• Fever, shivering, or feeling very cold

• Elevated white blood cell counts

• Blood pressure 10-20% lower than normal

• Confusion or disorientation

• Sleepiness and difficult to awaken

• Shortness of breath

• Signs of organ dysfunction

• High heart rate

• Extreme pain or discomfort

• Clammy or sweaty skin

• Pale or discolored skin

• Hypothermia (lower body temperature than normal)

• High blood glucose levels (without diabetes)

• Edema

• Low urine output

• High bilirubin levels (jaundice)

Septic shock is the most severe level of sepsis and is diagnosed after all of the above symptoms have been found, as well as blood pressure dropping to dangerously low levels.

As you can see, it’s important to do all that you can to not only prevent developing sepsis in the first place, but to notice the signs as quickly as possible should it arise.

Getting Help

Act fast. Identification and aggressive treatment play a critical role in the outcome of any patient who develops sepsis. A study from 2006 concluded the risk of death increases by 7.6% with every hour that passes without treatment. If you develop an infection that is not going away or is getting worse, see your doctor right away. It’s important to identify and treat it as soon as possible, and before it develops into a more severe, and sometimes fatal, variation.

Early stages of sepsis treatment include antibiotics such as Zithromax, intravenous fluids, and close monitoring. In some cases, your doctor may prescribe antiviral medications.

For patients who have gone into septic shock, these are the treatments and medications you might expect:

• Arterial lines

• Central venous catheter


• Kidney dialysis

• Mechanical ventilation

• Oxygen

• PreSep(tm) catheter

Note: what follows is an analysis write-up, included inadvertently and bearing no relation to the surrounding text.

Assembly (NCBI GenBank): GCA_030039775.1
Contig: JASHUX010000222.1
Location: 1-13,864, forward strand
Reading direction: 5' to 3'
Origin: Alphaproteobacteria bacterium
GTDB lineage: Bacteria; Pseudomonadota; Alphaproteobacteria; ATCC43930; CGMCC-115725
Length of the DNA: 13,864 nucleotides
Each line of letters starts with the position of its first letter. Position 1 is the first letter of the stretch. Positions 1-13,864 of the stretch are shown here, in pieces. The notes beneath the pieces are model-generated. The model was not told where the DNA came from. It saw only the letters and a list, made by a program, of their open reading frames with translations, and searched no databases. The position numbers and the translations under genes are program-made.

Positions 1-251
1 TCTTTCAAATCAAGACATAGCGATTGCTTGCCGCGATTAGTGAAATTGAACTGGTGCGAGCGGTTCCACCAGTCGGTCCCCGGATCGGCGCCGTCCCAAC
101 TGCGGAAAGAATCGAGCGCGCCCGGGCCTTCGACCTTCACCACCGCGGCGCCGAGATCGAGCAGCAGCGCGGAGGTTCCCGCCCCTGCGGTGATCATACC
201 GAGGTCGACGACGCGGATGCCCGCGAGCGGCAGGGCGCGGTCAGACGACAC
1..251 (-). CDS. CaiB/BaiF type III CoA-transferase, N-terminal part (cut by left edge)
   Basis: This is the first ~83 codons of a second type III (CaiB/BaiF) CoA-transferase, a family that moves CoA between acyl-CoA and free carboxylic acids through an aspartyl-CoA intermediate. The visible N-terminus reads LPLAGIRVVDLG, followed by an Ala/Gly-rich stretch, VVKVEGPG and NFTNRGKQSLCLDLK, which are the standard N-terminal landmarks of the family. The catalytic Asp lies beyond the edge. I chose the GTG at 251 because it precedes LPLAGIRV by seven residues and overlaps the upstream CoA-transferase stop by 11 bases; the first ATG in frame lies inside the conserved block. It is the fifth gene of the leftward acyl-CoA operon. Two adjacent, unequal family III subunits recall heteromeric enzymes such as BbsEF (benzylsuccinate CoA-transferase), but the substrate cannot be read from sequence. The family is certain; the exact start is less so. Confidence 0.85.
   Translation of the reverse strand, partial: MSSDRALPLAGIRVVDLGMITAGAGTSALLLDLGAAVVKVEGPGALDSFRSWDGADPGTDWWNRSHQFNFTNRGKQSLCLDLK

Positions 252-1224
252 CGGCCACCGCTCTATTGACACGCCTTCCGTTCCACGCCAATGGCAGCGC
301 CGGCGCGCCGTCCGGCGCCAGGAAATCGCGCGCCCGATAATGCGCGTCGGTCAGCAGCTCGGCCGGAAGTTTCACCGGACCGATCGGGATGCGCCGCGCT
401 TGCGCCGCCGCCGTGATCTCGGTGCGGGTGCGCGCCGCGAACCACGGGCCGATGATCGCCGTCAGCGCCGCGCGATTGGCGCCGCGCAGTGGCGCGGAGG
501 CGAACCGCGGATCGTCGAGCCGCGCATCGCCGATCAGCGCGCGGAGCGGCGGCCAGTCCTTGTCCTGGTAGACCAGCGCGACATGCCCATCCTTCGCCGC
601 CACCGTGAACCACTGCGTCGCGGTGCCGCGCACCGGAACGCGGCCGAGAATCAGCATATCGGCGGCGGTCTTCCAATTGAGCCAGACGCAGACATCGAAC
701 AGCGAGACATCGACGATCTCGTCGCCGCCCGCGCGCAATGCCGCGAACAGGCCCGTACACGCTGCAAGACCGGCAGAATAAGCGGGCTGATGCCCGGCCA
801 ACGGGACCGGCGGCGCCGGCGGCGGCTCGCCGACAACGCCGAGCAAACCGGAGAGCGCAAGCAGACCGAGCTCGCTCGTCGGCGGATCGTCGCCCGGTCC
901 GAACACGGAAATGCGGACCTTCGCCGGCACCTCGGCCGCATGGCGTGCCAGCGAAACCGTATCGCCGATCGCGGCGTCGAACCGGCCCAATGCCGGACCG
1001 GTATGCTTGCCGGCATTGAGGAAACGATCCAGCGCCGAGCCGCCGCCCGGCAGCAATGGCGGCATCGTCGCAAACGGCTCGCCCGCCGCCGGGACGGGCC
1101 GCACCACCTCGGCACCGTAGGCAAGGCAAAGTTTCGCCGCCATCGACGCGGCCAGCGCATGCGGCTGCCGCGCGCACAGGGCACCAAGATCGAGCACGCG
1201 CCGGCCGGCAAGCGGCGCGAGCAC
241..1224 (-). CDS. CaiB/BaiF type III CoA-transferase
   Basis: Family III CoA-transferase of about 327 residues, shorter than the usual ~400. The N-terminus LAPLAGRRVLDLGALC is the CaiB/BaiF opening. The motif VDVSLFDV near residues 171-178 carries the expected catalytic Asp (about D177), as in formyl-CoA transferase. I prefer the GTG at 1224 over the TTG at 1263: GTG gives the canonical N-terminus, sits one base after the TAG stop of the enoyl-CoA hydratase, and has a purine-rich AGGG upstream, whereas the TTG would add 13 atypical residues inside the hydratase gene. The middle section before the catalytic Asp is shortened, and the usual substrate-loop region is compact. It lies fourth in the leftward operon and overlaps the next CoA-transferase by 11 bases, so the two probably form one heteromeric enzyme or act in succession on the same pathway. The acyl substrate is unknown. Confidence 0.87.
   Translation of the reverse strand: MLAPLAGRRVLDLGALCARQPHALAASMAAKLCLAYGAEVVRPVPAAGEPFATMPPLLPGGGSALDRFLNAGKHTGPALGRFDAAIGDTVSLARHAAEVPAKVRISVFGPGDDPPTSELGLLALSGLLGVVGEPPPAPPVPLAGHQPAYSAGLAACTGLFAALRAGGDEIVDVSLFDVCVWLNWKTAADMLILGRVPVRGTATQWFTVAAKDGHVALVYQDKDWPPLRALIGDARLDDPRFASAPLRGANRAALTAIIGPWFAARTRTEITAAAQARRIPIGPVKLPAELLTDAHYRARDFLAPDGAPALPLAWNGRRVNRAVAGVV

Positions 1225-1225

• Pulmonary artery catheter

• Vasopressors

Of those who do develop severe sepsis, many will have long-lasting effects from ongoing physical, psychological, and cognitive issues—while others may recover completely. It all depends on the kind of treatment they receive and the swiftness of action taken by their care team.

Unfortunately, surviving sepsis isn’t the end for many people. Of those survive, up to half of all severe sepsis patients can develop Post-Sepsis Syndrome (PSS). Symptoms include:


• Insomnia

• Nightmares

• Vivid hallucinations

• Panic attacks

• Disabling muscle and joint pain

• Extreme fatigue

• Poor concentration

• Decreased mental function

• Chronic pain and fatigue

• Organ dysfunctions

• Amputations

• Loss of self-esteem

Ultimately, knowing the ways to prevent—as well as the signs and swiftness in the stages of sepsis can keep you and those you love safe. It cannot be stressed enough, if you have an infection and are seeing some of the symptoms listed above—seek immediate medical attention. It’s not worth “waiting it out.” Get diagnosed and have peace of mind sooner rather than later. Your life depends on it.


Carissa Andrews is a freelance writer, graphic designer, and author. You can learn more about her at her website.